Klamath-Siskiyou eNews #149 September 15th 2009
In This Issue:
Get your tickets for KS Wild's biggest and best event of the year! Our Annual Dinner and Auction is 9/26
Suction dredge miners zeroing in on So. Oregon rivers- Please send a quick auto letter to DEQ
Please Comment on the Draft Conservation Plan for the Klamath Marsh Wildlife Refuge
KS Wild's biggest and best event of the year! Our Annual Dinner and Auction 9/26
All the details are coming together for this fun, celebratory evening! Scores of local farmers are donating produce for a Greek style meal of buffalo or vegetable moussaka, business supporters from far and wide have dedicated an amazing array of quality auction items from outdoor gear and artwork to fine wines and river rafting adventures! The Justin Gordon Band is booked to play throughout the night, and as always, ticket purchase includes your meal and access to our two bars serving local wines and microbrew beers.
Suction Dredge Miners Zeroing in on So. Oregon Rivers- Please send a Quick Auto Letter to DEQ
A mining group called the "New 49ers," based on the Klamath River, has made it clear that they are moving operations to southwest Oregon now that California has banned destructive suction dredge mining.
KS Wild is asking folks to click here to send a letter to the Oregon Department of Environmental Quality (DEQ) asking them to monitor and enforce environmental protections along SW Oregon's precious free flowing rivers as the pressure from recreational suction dredge miners increases following the banning of the practice across the border in California.
Please Comment on the Conservation Plan for the Klamath Marsh Wildlife RefugeThe US Fish and Wildlife Service is accepting comments on its Draft Conservation Plan for the Klamath Marsh National Wildlife Refuge. The Marsh is important and sensitive wetland habitat for tens of thousands of birds, especially migratory waterfowl, as well as many other animals.
The Plan contains some good ideas, and some bad ones. Of particular concern is the proposal to continue and encourage commercial grazing and farming within the Wildlife Refuge.
Please click here and take a moment to send the following automatic letter now. Comments are due by Friday the 18th.
Mr. Mark Pelz, Chief
US Fish and Wildlife Service
2800 Cottage Way
Sacramento, CA 95825
Dear Mr. Pelz,
Please consider my concerns regarding the following resource issues when selecting and implementing your Conservation Plan for the Klamath Marsh National Wildlife Refuge:
-Grazing. The negative aquatic impacts of such grazing are readily apparent at numerous locations in the refuge. Please eliminate public lands grazing within the refuge in order to protect water quality and native aquatic plant species.
-Farming. The growing of crops on refuge lands is a long-standing controversial issue. Please recognize that many wildlife enthusiasts strongly believe that the vast amount of lands dedicated to commercial farming in the Klamath Basin need not include the wetlands and wildlife habitat of our publicly owned wildlife refuges. Please acknowledge the significant role that prescribed fire can play in reducing the need for hay-growing activities.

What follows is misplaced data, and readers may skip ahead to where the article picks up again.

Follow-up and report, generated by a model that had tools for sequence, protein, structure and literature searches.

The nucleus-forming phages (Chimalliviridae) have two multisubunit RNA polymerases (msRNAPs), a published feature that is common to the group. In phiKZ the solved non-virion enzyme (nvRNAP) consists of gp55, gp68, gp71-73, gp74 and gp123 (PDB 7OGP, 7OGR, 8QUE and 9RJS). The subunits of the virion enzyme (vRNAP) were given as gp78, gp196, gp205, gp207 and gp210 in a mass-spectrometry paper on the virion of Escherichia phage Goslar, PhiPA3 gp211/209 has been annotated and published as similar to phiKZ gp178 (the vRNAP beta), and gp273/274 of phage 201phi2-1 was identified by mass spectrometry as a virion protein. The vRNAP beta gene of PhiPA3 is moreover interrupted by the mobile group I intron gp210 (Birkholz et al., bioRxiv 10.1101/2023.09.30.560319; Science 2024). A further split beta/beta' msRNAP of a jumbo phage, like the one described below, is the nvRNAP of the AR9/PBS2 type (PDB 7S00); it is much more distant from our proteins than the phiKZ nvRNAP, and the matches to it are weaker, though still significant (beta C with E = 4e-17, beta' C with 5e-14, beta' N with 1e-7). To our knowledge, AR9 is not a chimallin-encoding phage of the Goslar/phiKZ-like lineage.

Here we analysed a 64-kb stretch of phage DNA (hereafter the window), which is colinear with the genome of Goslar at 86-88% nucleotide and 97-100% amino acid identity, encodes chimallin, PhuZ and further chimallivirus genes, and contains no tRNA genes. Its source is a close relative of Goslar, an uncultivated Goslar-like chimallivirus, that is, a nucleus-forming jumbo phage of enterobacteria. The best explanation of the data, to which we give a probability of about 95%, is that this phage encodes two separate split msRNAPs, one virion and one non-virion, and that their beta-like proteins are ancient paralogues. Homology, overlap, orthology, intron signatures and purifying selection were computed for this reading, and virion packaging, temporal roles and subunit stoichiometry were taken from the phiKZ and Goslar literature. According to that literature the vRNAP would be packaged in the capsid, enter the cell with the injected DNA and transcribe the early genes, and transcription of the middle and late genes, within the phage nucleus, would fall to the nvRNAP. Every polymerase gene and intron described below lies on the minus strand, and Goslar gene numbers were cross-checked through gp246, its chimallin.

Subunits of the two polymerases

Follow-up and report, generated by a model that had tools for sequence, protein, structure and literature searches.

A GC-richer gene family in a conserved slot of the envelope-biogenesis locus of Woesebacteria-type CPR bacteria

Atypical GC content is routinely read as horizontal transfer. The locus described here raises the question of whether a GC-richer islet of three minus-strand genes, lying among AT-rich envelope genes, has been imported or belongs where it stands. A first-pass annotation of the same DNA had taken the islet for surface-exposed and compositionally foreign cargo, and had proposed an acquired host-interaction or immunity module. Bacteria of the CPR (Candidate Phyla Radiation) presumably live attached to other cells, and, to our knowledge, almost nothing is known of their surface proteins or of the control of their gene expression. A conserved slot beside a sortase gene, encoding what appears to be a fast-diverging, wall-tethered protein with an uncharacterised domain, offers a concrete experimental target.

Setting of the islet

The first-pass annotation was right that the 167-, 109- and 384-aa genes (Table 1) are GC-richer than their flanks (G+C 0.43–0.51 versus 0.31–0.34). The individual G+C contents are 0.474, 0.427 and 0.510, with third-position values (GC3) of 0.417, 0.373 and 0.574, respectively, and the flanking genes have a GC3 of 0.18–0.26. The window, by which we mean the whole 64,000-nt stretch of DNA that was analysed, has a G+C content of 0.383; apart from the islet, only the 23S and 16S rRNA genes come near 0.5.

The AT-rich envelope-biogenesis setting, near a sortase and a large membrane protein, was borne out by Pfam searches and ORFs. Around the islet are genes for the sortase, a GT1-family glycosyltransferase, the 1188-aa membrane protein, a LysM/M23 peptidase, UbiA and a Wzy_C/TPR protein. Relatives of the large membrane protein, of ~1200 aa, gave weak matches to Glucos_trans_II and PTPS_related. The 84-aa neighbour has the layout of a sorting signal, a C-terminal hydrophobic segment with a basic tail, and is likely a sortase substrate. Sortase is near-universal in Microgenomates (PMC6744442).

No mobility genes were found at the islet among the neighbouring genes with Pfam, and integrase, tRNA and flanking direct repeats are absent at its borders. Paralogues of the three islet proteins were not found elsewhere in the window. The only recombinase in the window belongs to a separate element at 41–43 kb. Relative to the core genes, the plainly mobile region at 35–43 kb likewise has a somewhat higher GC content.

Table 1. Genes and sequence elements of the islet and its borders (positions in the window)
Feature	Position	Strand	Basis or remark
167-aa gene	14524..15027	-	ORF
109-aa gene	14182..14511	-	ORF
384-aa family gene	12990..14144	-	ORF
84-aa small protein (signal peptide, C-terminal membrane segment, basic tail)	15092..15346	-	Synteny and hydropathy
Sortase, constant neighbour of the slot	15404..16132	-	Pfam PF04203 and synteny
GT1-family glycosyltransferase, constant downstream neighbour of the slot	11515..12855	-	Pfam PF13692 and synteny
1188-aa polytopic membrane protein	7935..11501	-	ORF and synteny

-Wilderness. As indicated in Appendix F of the Environmental Assessment (EA), Refuge Units A, C, and D are appropriate for Wilderness designation as they offer significant scenic, educational and ecological Wilderness values. Yet the Service is proposing none of these areas for Wilderness designation. This blanket opposition to Wilderness does not reflect a balanced approach to refuge management.
-Wetlands. I strongly support increasing the amount of open water and wocus habitat to historic levels.
-Water Diversions and Water Levels. Please pursue all available methods to remove irrigation and diversion ditches and secure water rights necessary to protect the aquatic habitat values of the Klamath Wildlife Refuge.
-Hunting. Please respect the current non-consumptive enjoyment of wildlife. Sport hunting of waterfowl is fundamentally incompatible with the purpose of this Wildlife Refuge and completely displaces long-standing non-hunting recreational activities. It is also incompatible with the Service's obligations under the Migratory Bird Treaty Act. Please note that the EA estimates that 85-90% of Klamath Refuge visitors are there for wildlife observation or photography.
-Road Management. The Service cannot afford to maintain or patrol the existing road system. The system should be "right sized" to protect wildlife habitat, hydrology, and allow for meaningful enforcement of refuge policies and rules.
-Treaty Rights. Please Respect the treaty rights and historical ecological knowledge of the Klamath Indian Tribe.
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The Klamath-Siskiyou (KS) Region of southwest Oregon and northwest California is a world- renowned hub of biological diversity. Nestled between the Pacific Ocean and the Cascade Mountains, this region houses more conifer species than any other region in the world. From ancient old-growth forests to dry desert climate - and everything in between - the KS is a refuge for wild nature.
Klamath-Siskiyou Wildlands Center
PO Box 102
Ashland OR 97520